>> While I understand that for production purposes, preseason orders are important, I really like the Petzl Turns program which uses sales histories to develop growth and discounts. The most helpful part of writing preseason orders for me is having a merchandising plan for the future, but I dislike and find it wasteful to nail down exact amounts of products for which the vendor already has a sales history for items sold. All I do is replicate my sales history in a preseason form and add about 10 percent. I would be in favor of committing to items that buyers wish to reorder for future seasons without having to pin down exact numbers that will be changed a month ahead of the ship date — this is unnecessarily redundant in my opinion. I would find it really helpful to have an online layout program where you can drag and drop items in categories that you plan to buy (Prana has this for sportswear merchandising). Vendors could then access how many times a product shows up in all buyers “layout or line plan.” Buyers would have a format that they can have a visual plan that also communicates their choices to vendors at the same time. It will make for better buying and streamlined success to have an “all in one” tool for planning line plans. I would imagine this would be a daunting project to put together, but if many vendors committed and buyers found value in it, it could be a pretty sustainable format for everyone to work from and support.

>> Following up on late or incomplete shipments. Make sure that if you are going to ask us to write a preseason order 9 to 12 months in advance, that you can fill it.

>> Taking wasteful packaging off new product and tracking down non-attached packing slips.

Trade Shows

>> Too many trade shows. We are a store that carries multiple product lines, especially with kids and find it very difficult now that there are regional pre- and post-shows, the Outdoor Retailer shows, the SIA show, shoe shows, children’s clothing shows…. We can’t go to all of them but not all reps/companies are at the same shows, even in the outdoor industry. With manufacturers making deadlines earlier and earlier, we can’t get everyone done/seen at once. Many reps are coming up on their own (I do like this part) and setting up in hotel rooms. But all of this all adds up to a lot of time outside of our business.

>> Regional shows.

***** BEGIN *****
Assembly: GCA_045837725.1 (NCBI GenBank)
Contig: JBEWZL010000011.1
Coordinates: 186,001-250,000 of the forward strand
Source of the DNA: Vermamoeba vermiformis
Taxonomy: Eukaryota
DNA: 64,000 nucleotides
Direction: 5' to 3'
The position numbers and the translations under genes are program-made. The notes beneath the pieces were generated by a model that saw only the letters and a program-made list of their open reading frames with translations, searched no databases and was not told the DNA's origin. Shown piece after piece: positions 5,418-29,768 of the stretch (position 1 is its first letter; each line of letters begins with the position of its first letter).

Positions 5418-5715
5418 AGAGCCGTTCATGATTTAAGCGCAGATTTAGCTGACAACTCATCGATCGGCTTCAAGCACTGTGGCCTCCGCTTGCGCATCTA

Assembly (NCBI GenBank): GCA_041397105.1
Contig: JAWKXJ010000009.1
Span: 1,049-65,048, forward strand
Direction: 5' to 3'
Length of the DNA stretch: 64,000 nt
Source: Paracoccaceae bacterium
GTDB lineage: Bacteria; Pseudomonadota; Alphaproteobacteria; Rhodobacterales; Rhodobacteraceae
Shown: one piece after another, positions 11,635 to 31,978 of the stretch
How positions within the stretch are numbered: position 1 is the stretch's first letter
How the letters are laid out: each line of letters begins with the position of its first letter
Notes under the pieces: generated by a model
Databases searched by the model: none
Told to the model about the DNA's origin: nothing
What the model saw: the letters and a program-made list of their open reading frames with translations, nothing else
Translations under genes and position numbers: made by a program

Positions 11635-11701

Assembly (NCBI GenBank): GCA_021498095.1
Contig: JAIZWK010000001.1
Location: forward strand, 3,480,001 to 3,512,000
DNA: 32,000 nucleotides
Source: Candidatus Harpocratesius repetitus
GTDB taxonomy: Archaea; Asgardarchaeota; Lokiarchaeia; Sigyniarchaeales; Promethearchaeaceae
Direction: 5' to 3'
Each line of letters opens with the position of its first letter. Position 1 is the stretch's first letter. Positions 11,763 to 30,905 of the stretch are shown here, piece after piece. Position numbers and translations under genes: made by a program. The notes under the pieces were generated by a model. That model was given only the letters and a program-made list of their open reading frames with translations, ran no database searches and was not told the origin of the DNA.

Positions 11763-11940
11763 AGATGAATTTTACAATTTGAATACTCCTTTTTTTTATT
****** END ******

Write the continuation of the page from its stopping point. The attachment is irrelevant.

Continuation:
>> Trade shows that do not consider the retailers’ needs.

>> Buyers shows are right in the middle of the time we do 75 percent of our business. WTF! Move them to a more convenient time for the shops so I can have people attend the shows.

>> Parties that begin at 4 p.m. at the OR show and you’re still trying to get work done. Tell the companies to go off sight and quit clogging the aisles.

>> Travel time to shows because there is no industry show on the East Coast.

>> Trade shows! The timing of tradeshows is too far off from the actual manufacturers’ ordering timeline. Winter Outdoor Retailer is a month after a majority of our winter pre-season orders are due. The regional shows are even further off the mark (Providence in mid-February?!). The timing of trade shows needs to be adjusted to realistic demands of the manufacturers.


>> Paddlesports is awesome! I would not change a thing, except improve margins, get better control of online discounting, get rid of one or two (or five) boat manufacturers, create a west coast reps’ show in September and loosen up credit in the banking world.

>> Our biggest waste of time is attempting to compete with e-commerce stores who discount, sell into “protected” territory, don’t have to charge sales tax, and offer free shipping. They offer no hands-on customer service — try before you buy, etc. — so, unless the buyer is completely knowledgeable of the product they are trying to purchase, a high percentage actually do not purchase the best item for their needs. Ninety percent of guests that come to us to purchase a specific kayak walk out with a different kayak after we complete their demo experience of all in the kayaks in the category of their needs. We demo with all who walk in the door, immediately. Getting the right watercraft the first time saves money and the wasted time of paddling the wrong watercraft and having to upgrade down the line. For us, it’s all about serving our guests as we like to be served. Would you buy a car without driving it first? Shouldn’t that be the first criteria in purchasing something that takes you out on water? Y’all enjoy the day.